This ever changing landscape around the legality and acceptability of marijuana has created not only significant confusion among Michiganders, but there are a variety of concerns regarding the use, possession and growing of marijuana that move just beyond the normal criminal concerns that most people are aware of. It is important to understand how these changes can affect you. It is also worth noting that even though Michigan currently allows for medical marijuana use and cultivation and even if the November 2018 ballot initiative passes, marijuana will still be illegal pursuant to federal laws.  In light of the budding marijuana industry and the growing legitimacy that comes with it, there is more overlap in the family law practice area every day. Whether it is parties using it to treat a medical issue, growing marijuana for their own use or as a caregiver, or operating a marijuana related business, there are a lot of ways in which a client’s interaction with marijuana can affect their divorce or custody matter. A common mistaken belief is that just because it is more acceptable, and legal under certain circumstances, a court will not consider marijuana usage in terms of a custody case, which is not true.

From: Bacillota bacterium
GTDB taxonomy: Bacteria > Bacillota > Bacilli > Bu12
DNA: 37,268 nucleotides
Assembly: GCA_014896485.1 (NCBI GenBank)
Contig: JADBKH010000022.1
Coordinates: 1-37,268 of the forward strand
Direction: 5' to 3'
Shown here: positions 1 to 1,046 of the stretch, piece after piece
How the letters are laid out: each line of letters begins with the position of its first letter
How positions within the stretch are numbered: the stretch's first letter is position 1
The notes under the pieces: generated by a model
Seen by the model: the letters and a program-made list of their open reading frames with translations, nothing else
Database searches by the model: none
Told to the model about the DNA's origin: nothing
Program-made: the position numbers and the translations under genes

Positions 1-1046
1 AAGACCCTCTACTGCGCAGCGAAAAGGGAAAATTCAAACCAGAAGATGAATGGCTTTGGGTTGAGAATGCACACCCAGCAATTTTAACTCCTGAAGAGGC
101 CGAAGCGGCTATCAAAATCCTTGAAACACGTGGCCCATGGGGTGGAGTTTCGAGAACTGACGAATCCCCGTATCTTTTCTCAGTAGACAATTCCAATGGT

Based on the novelty of a lot of these issues, where once illegal and derided behaviors are becoming legal and acceptable, it’s hard to predict how a court will consider marijuana usage. If the courts’ attitude toward alcohol use provides any guidance or indication, the general thought is some use is okay, but not to the point where it affects a person’s ability to parent in anyway. It seems like a no-brainer, but to be clear, being under the influence of drugs and alcohol during parenting time is always frowned upon by the courts. Courts are quick to take action if they think alcohol or drug usage is affecting a person’s ability to safely and effectively parent their child and can suspend parenting time altogether, require supervised parenting time, order alcohol and drug assessments, or take various other actions to protect the children from someone they feel is a danger. Therefore, parents should be sober and not under the influence of drugs or alcohol during their parenting time. Outside of your parenting time, courts are generally more tolerant of moderate alcohol and marijuana usage.